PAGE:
To determine whether the outcome of needle revision of trabeculectomy is influenced by the presumed anatomic location of resistance to aqueous outflow.
Retrospective case note review.
Thirty-four eyes of 30 consecutive patients undergoing their first needle revision of trabeculectomy.
We compared 2 types of needle revision: “type-1 needling,” limited to breaking down fibrosis in the subconjuctival-subtenon space, and “type-2 needling,” which additionally involved needling underneath the scleral flap.
Main Outcome Measures:
Unqualified success was defined as a postneedling intraocular pressure (IOP) >4 mm Hg and ≤21 mm Hg at the most recent follow-up without further surgery, medications, or repeat needling. Qualified success was defined as a successful patient who required medications or repeat needling.
The mean follow-up period was 2.1 ± 0.1 years (range, 1.0 to 3.8 y). Sixteen type-1 and 18 type-2 procedures were performed at a median of 124 days (22 d to 14 y) after trabeculectomy. IOP decreased from a mean of 28.2±1.3 mm Hg (19 to 52 mm Hg) preneedling to 6.7±0.8 mm Hg (2 to 22 mm Hg) on the first postoperative visit and 15.1±0.7 mm Hg (8 to 27 mm Hg) at the most recent follow-up. The overall success rate was 82.4% (47.1% unqualified and a further 35.3% qualified). There was no significant difference in the success rates between type-1 (14/16) and type-2 (14/18) needle revisions (Fisher exact test, P=0.66). Similar proportions of eyes undergoing type-1 and type-2 needling underwent a second needling procedure. There was no significant difference in the IOP reduction between type-1 and type-2 needling (Mann-Whitney U test, P=0.78).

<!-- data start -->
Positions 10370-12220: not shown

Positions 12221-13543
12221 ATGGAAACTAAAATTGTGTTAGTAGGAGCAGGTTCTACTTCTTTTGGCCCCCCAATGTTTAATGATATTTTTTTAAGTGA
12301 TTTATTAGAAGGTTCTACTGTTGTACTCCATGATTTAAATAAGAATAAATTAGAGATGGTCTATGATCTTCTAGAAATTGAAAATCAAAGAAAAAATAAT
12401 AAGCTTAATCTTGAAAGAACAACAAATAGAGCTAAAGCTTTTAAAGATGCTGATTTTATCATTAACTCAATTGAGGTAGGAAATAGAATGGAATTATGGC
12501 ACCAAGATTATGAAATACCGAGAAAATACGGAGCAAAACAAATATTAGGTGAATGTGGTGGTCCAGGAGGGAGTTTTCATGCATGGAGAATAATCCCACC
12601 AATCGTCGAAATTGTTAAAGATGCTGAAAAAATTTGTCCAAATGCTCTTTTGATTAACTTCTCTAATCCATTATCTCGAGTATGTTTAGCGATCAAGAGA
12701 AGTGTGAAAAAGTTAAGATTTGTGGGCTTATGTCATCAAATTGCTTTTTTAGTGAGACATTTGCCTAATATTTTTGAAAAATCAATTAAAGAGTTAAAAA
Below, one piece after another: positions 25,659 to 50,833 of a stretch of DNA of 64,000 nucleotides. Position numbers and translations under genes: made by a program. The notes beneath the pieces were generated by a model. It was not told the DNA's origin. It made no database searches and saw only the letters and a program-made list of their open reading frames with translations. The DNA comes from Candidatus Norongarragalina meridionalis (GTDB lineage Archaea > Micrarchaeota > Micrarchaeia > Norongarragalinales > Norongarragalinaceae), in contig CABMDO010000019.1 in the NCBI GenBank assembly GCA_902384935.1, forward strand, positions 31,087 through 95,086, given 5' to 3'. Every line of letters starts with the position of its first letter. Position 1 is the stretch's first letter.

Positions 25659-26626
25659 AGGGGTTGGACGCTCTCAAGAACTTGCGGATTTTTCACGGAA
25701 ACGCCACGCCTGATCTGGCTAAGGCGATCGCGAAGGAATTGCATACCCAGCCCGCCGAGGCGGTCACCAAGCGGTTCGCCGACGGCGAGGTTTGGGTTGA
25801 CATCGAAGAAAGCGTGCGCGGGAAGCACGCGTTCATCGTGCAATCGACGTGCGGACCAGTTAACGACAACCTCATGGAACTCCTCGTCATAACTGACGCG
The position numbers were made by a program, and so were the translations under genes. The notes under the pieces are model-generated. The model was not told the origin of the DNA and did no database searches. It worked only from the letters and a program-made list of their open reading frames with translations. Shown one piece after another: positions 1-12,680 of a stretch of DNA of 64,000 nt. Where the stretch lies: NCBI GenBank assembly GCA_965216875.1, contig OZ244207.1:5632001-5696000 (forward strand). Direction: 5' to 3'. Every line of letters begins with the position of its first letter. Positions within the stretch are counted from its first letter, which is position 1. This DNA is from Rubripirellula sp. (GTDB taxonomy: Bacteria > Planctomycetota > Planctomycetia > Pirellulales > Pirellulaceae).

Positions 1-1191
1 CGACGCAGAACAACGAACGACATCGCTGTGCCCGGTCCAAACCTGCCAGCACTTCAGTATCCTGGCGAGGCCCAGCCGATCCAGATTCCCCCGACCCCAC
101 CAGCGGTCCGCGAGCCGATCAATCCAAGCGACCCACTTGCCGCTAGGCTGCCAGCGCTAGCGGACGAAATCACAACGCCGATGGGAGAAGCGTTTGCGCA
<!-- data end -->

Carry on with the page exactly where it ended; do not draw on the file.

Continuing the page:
Needle revision is an effective technique for trabeculectomy bleb remodeling and can result in a sustained reduction in IOP. The location of the obstruction did not influence outcome, with type-1 and type-2 needle revisions equally likely to succeed.